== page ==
Thanks for that post NIght. When I find replies to older posts, I assume that it might be an opportunity to really discuss rather than just argument or banter and so have replied to the best of my ability. That is without spending a lot of time totally diss-assembling the Sanger myth that resides in my head.



posted on Aug, 20 2019 @ 11:23 AM
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a reply to: TerryMcGuire

I think the important thing here is that we don't get distracted by the crumbs while the cake is being consumed. The real issues are being drowned, or pushed further out into the depths, by the wake being created by the splashing along the shore.

This may have started with Sanger, but it did not end with her. Whether she was a racist or not, whether her original goal was genocide or not, is not what we should be arguing about. Each will come to their own conclusion about that. I came to my conclusion based on information gathered before the waters were muddied, and before it became a meme or a myth.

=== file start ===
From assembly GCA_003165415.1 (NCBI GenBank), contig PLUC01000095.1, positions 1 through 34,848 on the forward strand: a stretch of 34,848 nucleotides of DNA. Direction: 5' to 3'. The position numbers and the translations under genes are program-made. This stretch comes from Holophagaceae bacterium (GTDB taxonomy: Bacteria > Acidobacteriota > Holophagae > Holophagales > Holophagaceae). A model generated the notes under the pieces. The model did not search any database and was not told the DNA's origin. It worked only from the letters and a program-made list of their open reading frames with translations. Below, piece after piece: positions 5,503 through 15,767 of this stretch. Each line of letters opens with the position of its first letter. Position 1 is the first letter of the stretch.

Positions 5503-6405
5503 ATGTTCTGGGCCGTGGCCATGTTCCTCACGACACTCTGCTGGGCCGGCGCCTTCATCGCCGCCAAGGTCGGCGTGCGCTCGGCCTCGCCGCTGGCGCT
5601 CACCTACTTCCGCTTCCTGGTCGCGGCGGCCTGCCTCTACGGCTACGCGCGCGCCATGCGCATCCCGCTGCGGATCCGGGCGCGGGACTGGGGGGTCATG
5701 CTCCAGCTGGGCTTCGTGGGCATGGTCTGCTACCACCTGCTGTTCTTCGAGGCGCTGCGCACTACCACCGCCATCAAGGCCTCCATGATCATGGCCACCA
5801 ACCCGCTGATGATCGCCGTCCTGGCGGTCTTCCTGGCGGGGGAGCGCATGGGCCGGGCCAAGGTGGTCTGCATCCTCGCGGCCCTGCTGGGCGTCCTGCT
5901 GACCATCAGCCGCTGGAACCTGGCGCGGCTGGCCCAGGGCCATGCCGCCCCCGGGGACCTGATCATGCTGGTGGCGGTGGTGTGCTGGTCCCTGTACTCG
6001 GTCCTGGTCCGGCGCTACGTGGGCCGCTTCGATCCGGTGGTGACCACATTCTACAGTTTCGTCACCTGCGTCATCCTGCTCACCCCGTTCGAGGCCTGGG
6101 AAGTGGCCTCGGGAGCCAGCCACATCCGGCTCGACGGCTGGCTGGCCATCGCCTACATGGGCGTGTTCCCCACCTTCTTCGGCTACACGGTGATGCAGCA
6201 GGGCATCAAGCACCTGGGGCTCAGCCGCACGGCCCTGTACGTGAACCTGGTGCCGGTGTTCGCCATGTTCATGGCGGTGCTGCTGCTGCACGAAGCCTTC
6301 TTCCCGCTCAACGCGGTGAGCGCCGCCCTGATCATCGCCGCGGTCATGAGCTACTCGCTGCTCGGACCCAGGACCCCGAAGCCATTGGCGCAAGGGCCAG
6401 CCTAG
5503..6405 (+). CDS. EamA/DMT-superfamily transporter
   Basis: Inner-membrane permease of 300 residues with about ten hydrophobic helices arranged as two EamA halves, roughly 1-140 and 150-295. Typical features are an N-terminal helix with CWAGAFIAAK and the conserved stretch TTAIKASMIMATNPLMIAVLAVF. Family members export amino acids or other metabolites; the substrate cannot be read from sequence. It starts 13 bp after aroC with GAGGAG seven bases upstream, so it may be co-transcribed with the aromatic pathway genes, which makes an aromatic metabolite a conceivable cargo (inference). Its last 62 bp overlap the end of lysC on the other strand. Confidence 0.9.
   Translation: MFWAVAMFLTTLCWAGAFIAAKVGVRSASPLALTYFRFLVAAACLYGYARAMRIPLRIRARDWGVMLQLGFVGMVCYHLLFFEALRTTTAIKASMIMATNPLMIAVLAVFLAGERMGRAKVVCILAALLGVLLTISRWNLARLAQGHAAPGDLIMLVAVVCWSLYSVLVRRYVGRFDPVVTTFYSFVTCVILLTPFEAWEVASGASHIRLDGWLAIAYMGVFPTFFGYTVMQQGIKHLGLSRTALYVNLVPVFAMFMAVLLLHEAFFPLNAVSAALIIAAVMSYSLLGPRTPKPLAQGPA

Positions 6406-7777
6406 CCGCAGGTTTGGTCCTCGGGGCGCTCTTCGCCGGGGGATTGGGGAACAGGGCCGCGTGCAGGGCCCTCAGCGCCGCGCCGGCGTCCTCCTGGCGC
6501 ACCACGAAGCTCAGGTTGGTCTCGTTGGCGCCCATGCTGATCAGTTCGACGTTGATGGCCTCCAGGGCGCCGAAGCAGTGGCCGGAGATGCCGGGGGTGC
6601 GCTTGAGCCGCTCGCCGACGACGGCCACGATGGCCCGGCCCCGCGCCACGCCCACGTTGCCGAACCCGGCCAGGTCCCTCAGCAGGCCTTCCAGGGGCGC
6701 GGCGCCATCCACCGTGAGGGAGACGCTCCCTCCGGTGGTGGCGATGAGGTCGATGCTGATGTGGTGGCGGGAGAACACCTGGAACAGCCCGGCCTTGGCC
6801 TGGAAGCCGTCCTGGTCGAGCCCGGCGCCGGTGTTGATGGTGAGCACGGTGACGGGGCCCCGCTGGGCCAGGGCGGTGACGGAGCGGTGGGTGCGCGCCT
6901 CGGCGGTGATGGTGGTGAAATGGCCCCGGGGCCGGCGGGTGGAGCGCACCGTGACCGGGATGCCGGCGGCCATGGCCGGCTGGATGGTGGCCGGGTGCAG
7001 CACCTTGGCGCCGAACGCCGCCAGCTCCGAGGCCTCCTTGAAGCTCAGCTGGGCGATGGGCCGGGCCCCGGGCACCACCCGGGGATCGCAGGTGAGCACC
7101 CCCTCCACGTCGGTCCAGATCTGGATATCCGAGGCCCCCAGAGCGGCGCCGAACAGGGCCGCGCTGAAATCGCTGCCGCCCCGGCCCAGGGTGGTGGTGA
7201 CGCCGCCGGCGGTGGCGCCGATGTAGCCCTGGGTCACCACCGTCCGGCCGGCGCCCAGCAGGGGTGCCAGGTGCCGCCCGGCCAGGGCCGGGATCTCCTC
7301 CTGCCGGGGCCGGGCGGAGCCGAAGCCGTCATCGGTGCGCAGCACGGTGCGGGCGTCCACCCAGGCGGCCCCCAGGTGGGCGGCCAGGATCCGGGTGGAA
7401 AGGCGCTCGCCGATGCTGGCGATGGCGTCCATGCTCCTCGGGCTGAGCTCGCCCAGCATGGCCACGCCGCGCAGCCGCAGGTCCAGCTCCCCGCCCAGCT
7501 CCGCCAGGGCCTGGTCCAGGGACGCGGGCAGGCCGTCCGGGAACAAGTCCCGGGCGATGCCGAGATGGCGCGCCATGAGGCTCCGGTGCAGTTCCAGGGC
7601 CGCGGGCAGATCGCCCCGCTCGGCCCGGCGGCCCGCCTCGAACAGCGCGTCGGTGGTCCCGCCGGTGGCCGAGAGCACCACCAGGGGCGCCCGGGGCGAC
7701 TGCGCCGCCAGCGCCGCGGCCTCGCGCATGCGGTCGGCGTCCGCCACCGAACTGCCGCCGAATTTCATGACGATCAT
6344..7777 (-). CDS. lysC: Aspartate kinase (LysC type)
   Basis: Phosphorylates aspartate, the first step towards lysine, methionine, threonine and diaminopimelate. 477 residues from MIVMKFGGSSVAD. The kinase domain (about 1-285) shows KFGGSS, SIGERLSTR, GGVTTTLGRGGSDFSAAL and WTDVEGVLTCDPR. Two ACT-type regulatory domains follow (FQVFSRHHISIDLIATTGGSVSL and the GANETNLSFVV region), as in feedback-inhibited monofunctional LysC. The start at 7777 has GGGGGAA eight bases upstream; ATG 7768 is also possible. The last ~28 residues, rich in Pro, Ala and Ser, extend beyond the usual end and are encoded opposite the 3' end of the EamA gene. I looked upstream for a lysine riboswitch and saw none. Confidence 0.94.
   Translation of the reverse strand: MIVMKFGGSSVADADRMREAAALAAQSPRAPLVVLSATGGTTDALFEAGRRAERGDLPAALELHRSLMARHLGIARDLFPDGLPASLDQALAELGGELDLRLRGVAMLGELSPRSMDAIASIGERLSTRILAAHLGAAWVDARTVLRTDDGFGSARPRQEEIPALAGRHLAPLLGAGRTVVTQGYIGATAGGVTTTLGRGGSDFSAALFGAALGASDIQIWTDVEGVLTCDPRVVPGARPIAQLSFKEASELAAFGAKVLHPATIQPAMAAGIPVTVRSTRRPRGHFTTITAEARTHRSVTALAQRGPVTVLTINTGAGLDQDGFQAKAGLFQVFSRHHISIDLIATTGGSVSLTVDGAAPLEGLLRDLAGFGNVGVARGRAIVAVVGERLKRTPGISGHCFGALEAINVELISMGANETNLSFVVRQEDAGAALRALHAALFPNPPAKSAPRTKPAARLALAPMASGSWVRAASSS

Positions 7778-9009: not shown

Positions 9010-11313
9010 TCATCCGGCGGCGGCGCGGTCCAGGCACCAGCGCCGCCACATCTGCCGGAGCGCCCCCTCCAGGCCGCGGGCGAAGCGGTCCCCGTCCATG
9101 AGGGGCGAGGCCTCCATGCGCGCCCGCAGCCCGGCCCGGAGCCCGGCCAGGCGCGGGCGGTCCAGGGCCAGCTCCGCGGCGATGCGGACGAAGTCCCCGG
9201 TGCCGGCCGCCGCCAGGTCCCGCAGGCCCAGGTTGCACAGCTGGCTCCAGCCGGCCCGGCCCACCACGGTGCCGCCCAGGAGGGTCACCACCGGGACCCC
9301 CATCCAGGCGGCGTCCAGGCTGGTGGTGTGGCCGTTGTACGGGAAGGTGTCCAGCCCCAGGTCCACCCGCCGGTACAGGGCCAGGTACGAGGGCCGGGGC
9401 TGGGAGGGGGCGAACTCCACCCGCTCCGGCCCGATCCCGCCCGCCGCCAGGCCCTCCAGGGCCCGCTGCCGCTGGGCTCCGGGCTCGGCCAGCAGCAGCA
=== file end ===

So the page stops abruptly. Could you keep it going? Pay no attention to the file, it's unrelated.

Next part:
I worked in a PP clinic "1" day back in 1976. It was a requirement of my studies to do a rotation through the clinics. I was successful in getting that requirement changed or it would have been the end of my career, before I even started. I would suggest to anyone that has doubts about what used to go on, I will be happy to give you an accurate, detailed and honest report of what I experienced. I can't speak for what they do today, but I doubt that it has changed much in spirit.

The issue here is that PP has decided they wanted to take a stand in this manner to make a political point, that they will not bend to the will of this government. They are really saying that they will continue operating as planned without Federal dollars. They will use this to their advantage and they either have another plan for how to deal with the lost of funding, or they feel strongly enough about their political position that they are willing to throw the baby out with the bathwater.